However, if you also use your acoustic instruments in a live context, then I can see the overall iSolo package perhaps becoming more obviously tempting. It allows you to get the sound of a decent microphone on your guitar but provides the performance flexibility of a (often somewhat harsh sounding) internal pickup system…. and, of course, it does it wirelessly. And, if you also happen to perform some occasional recording duties, the ‘live & recording’ package could be an attractive proposition.
The iSolo performs well. It does what is advertised with a minimum of fuss and allows you to capture – for recording or live use – a natural and pretty accurate sound of your instrument. I like the wireless options and the microphone mounting system, while looking a little strange at first sight, if a clever piece of design, allowing you to position the microphone accurately and consistently.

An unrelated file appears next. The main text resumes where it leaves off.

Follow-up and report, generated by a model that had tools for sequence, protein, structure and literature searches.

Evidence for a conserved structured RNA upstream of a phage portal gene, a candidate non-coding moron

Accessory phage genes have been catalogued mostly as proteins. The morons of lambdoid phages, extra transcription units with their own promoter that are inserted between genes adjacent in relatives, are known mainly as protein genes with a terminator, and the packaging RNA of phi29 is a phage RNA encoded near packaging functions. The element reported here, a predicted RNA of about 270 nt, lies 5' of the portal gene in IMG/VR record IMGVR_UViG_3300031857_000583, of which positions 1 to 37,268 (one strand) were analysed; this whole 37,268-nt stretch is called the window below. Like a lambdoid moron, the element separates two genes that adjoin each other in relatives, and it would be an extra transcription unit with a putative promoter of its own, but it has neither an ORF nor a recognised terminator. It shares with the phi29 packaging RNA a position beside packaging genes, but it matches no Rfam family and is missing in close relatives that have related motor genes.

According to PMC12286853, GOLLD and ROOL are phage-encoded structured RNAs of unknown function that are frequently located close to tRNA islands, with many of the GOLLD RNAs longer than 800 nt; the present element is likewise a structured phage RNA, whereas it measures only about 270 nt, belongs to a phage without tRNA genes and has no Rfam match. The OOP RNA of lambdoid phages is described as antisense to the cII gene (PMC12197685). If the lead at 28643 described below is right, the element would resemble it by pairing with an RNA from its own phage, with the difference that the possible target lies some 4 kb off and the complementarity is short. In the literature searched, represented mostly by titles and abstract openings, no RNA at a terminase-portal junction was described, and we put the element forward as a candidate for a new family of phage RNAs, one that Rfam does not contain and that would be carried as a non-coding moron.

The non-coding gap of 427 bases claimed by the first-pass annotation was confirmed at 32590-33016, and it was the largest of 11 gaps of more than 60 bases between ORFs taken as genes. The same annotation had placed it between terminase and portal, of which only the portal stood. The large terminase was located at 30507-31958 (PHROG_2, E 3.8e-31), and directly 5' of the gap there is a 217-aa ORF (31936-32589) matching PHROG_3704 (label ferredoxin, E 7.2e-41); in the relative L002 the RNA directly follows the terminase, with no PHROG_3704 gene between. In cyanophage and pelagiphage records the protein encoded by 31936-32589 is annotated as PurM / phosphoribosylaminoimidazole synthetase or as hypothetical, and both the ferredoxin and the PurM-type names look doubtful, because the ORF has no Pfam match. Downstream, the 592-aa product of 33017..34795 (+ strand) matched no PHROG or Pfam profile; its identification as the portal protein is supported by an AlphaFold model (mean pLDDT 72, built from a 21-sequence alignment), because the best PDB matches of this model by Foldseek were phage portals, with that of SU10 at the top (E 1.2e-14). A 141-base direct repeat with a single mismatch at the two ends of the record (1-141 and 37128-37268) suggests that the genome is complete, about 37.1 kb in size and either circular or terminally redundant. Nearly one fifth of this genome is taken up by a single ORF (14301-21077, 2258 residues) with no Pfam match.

Of course, this quite innovative technology – with live performers as well as desktop and iOS recorders in mind, does come with a bit of a price. The iSolo is certainly an intriguing product. While you get very respectable audio results – live or recorded – this is an alternative technical solution to the tried and tested methods we already have available to do the same job. Ultimately, whether you think the price is worth paying will depend upon how happy – or otherwise – you are with those tried and tested solutions for your own recording or live performance work.
Either way, hats off to iSolo for taking the plunge with this system and, in particular, for making iOS support an integral part of it. It is a clever bit of design… here’s hoping that it gets the support that clever design deserves. You can find out more and purchase the units directly from the iSolo website… and also purchase via Amazon in the USA.
iSolo Guitar Wireless Microphone System